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16 Feb 2021 | 08:35

eBay's Gumtree sale raises competition concerns says UK regulator

(Sharecast News) - Ebay's planned $9.2bn (£6.5bn) deal to sell its Gumtree unit to Shpock owner Adevinta could reduce consumer choice and raise prices in the online classified advertising sector, the UK's competition watchdog warned on Tuesday.

The deal would create the world's biggest classified ads business, combining websites that allow people to buy and sell used or new items from clothes to cars.

However the Competition and Markets Authority (CMA) said it was concerned the merger could lead to a loss of competition between Shpock, Gumtree and eBay's marketplace, with only Facebook Marketplace remaining as a major competitor.

"This could reduce consumer choice, increase fees or lower innovation in the supply of platforms that allow people to buy and sell goods online," it said.

Under the deal with Adevinta, eBay would acquire a 33.3% voting stake in the Norwegian company and positions on its board, meaning it could influence the business strategy for Gumtree and Shpock, the CMA said.

The deal, agreed in July, would make Adevinta, spun off from Norwegian publishing group Schibsted in 2019, the world's largest classified ads business with annual revenues of $1.8bn.

By offering eBay a big stake, Adevinta beat rival bidders including Naspers and Prosus, even though they offered eBay more cash as part of their bids.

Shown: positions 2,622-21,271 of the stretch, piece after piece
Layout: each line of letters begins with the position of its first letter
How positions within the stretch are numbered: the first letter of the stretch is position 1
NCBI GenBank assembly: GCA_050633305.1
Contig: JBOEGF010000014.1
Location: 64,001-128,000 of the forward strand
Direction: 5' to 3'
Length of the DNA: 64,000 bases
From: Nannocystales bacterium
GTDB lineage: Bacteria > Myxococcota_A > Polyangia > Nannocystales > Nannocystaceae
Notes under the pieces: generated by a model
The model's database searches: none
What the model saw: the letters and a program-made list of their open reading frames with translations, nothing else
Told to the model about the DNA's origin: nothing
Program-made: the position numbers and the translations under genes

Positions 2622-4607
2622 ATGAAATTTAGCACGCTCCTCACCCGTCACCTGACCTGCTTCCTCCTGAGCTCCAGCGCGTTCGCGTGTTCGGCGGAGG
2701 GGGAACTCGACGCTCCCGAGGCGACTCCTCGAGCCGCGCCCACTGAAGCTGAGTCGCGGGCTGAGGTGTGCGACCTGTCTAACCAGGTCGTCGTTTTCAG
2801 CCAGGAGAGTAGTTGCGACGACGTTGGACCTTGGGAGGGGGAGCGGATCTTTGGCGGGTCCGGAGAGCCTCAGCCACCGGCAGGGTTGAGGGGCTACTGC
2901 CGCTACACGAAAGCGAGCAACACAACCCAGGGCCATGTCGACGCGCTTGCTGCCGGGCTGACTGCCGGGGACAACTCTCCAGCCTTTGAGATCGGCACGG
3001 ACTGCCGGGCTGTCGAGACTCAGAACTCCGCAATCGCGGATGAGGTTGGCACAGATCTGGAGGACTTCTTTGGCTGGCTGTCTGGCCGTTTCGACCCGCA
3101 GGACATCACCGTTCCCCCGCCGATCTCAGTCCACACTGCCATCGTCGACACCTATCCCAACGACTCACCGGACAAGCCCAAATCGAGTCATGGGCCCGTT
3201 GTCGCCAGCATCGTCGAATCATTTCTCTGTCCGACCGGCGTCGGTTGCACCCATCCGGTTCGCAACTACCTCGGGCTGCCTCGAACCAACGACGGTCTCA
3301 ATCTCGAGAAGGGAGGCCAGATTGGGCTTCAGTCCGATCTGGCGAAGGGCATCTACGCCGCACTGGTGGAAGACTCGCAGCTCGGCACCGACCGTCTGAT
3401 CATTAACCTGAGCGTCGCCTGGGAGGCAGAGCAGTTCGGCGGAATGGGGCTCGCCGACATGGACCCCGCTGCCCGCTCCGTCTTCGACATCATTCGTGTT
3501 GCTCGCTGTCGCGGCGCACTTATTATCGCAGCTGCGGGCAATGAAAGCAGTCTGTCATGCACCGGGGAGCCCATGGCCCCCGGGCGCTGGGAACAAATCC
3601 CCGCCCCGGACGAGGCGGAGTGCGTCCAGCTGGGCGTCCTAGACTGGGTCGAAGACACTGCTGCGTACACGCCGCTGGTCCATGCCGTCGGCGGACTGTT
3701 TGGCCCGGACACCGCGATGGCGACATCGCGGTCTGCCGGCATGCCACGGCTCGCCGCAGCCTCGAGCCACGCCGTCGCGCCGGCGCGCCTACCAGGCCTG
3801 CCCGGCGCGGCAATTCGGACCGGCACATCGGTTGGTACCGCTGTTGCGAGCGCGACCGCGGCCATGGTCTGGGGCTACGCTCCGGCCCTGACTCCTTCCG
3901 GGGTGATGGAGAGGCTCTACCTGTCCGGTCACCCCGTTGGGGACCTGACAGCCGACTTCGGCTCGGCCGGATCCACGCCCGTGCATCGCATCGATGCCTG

"Having reviewed eBay's internal documents at the time the decision was made to sell ... to Adevinta, CMA considers there would have been a realistic chance eBay would have sold Gumtree to a different purchaser without retaining its influence," the regulator said in a statement.

"This would have resulted in Gumtree becoming an independent competitor to eBay's marketplace."

Adevinta and eBay have until 23 February to offer legally binding solutions to resolve the CMA's competition concerns. The regulator then has five working days to consider whether to accept the offer instead of referring the deal to an in-depth investigation.

In a statement Adevinta said that while it and eBay disagreed with the CMA, they would "work constructively" and were confident in finding a suitable resolution.
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